Adams wrote home from Cronsadt on September 1, 1866, “Now sweet I must tell you what were doing the past 25 days. In the first place we paid a visit to ‘Peterhoff’ the residence of the Emperor in the summer. We were received by the officer of the Palace. He showed us all around the place, gave us a splendid dinner. Gold spoons. Who should have thought I should ever dine off gold spoons. After dinner we went to St. Petersburge in the Royal Yacht to another dinner…. Then they took us to the Hotel De France, gave us another dinner and sent us to bed then commenced the sight seeing. Palaces without number – churches.. residences, dinners without end. But I must tell you of one given by your countryman, Mr. Linnam, he gave us a splendid reception and was very glad to see me and introduced me to all his family also the sister of one who died in Baltimore. They were 8 years in your city and Spoke English well. One of them swooned over me but I do not part with my old sweet heart for any ones so you must not get jealous. He promised to send you a present but I have not received it yet. Then 5 of us was presented to the Emperor. He shook hands with me and asked how I got on with the Russian language. I told him I could say ‘da’ which means yes. He laughed and said when I came back from ‘Moscow’ I would do better. 3 days afterwards he invited us to a dinner at his palace at ‘Peterhoff’ which was a very grand affair. The Emperor and all the Royal family were present at the dinner. He got up and drank all our healthy and peace & prosperity between the United States and ‘Russia’. Something that has never been known in the annals of ‘Russia’ when he gave us a ball in the evening where his sister the Grand Duchess Mary presided. He came to the Ball in plain clothes and danced until 2 o’clock in the morning then took supper with us. the Ball was held in what is called the English Palace 3 miles from his own. We returned to our rooms in the Palace at 3 o’clock and next morning at 8 returned to St. Petersburg which was 20 miles. Then that day we started for ‘Moscow’ 480 miles in [?] Rail Road. We stopped at every station to receive [?] Peasant & nobility. It was eat & drink at every place we stopped and they could not get enough of us. People cheering us all the way. You could not get clear of the Ladies. They would want to cut the buttons off your coat but it was so everywhere we went. One Beautiful lady would insist to have one my buttons I gave her one. She took a pair of diamond earrings out of her ears and would have insist on me taking them. I would not then she took the charm from around her neck and put it on my watch chain. It might be very valuable to her but not to me. I will wear it. They are very devout. Something the same as the Catholic. We arrived at Moscow all safe and went to the largest Hotel I have ever seen. The Proprietor entertained when we stopped there at his own expense. Then it was nothing but sight-seeing, Churches & Palaces. We had nothing but Princes for our companion and Princesses to dance with. They gave us 12 public Dinners while we stoped there. Then they took us 40 miles in the Railway to see the [?] of Russia, their Holy City and was introduced to the Head Man of all Russia. He is even ahead of the Emperor. He is the same as the Pope of Rome. He took us all in his hand and gave us his blessing and a string of Beads which I intend to give to my sister ‘Maria’ on my return. The monks went craze over us where ever we went and were only too proud to show us everything. In fact, from the Emperor to the lower peasants their Country appeared to be devoted to us. They only wanted to see us. never were people received so well as we were. I met some Americans at Moscow and they were as bad as the rest. I am tired of telling you all the facts &c. we received but when I get home I will tell you about them as it will take me a month to tell you all. I am expecting your furs every day from Moscow. They are Black stable, only 250 Rubles, $150.00. They are worth in New York some $900.00 So if you do not want them you can sell them.”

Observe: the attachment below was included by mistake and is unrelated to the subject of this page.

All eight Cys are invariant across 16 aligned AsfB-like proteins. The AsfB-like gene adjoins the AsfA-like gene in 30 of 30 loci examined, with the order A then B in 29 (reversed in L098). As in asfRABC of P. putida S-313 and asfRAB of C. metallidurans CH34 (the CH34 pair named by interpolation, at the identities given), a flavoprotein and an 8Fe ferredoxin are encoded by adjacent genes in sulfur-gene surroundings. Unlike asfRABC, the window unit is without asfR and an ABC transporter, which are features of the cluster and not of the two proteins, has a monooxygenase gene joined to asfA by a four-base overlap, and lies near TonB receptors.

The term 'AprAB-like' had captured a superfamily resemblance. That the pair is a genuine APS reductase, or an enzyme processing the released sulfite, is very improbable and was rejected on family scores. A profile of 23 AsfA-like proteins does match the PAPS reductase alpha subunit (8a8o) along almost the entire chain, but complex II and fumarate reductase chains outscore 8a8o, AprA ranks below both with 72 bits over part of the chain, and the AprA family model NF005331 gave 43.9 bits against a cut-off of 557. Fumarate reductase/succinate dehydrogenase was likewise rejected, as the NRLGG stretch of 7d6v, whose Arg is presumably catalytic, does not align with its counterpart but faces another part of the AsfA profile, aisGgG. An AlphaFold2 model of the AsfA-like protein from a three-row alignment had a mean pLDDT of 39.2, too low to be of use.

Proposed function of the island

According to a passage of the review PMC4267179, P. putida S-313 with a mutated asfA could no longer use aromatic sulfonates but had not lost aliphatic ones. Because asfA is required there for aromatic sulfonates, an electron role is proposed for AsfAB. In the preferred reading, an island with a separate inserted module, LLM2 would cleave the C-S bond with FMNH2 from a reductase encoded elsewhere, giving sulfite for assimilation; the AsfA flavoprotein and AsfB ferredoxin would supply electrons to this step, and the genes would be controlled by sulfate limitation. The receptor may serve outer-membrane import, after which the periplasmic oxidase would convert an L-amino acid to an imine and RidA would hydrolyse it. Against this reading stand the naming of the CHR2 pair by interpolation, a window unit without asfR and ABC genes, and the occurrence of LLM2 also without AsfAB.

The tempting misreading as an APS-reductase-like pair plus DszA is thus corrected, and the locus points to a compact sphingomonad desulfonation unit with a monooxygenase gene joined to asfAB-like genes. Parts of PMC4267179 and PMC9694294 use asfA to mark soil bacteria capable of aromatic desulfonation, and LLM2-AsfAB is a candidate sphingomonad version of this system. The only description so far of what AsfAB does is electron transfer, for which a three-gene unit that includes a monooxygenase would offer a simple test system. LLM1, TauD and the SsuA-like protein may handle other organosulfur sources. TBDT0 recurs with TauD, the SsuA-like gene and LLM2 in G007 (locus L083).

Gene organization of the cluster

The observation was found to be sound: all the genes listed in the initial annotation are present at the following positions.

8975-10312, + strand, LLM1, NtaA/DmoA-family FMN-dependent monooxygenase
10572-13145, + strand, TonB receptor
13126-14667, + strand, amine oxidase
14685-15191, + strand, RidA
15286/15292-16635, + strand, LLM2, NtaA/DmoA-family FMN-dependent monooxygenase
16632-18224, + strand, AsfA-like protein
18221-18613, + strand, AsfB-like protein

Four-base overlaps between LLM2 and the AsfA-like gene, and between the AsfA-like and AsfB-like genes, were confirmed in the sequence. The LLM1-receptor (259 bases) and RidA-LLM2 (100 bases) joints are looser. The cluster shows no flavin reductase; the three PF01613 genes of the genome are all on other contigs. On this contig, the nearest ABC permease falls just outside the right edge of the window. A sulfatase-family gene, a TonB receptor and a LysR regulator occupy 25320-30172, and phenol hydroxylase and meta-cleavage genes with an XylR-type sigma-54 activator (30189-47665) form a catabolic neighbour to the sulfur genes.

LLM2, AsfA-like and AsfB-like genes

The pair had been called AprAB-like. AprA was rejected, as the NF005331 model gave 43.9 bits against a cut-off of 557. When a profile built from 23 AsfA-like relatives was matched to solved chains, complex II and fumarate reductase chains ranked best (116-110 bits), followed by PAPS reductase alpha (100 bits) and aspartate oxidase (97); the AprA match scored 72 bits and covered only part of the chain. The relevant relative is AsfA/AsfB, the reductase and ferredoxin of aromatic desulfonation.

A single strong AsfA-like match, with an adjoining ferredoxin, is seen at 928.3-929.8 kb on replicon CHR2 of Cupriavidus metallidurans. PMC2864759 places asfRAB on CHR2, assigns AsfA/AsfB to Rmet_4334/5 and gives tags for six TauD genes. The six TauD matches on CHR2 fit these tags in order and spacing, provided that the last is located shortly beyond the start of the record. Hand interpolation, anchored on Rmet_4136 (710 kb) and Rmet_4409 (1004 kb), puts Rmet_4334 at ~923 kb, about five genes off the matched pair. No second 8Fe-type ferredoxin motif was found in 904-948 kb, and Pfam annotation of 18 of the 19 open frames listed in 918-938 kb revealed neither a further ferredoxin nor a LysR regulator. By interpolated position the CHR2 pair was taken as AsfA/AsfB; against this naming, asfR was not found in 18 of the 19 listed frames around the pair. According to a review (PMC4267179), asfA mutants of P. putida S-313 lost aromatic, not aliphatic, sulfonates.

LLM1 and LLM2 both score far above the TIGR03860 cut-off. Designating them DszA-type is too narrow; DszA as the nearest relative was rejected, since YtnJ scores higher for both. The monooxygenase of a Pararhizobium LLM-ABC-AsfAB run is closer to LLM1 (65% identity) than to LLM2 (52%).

Perhaps the most extraordinary event that came out of this cruise was the American purchase of Alaska.

The ironclad and the Augusta returned to the United States the following year, Miantonomoh arriving at the Philadelphia Navy Yard on July 2, 1867, having successfully steamed 18,000 miles. She went out of commission then, only to be brought back to service briefly before being delivered to the Cramp Shipyard for “rebuilding.” It was there that she was broken up and a replacement ironclad, stealing her name, was constructed by the builder. The reincarnated ship stayed on the register until well after the turn of the 20th Century when she was condemned.

The Ashuelot ‘s career came to an end in the East China Sea when on February 18, 1883, she ran upon the Lamock Islands just off Swatow, China. The Augusta, after a small respite on her return from European waters, was sold out of the Navy on December 2, 1868. She had been a coastal merchant steamer before the Civil war and was sold back into that civilian service and ultimate obscurity.

John Adams received an honorable discharge from the Navy on December 27, 1867 and returned to Baltimore to establish a small engineering firm.

However his business would fail in six months as his health failed with chronic dysentery. Admitted to the Hebrew Hospital and Asylum in Baltimore, on January 20, 1870, he died on March 4, 1870.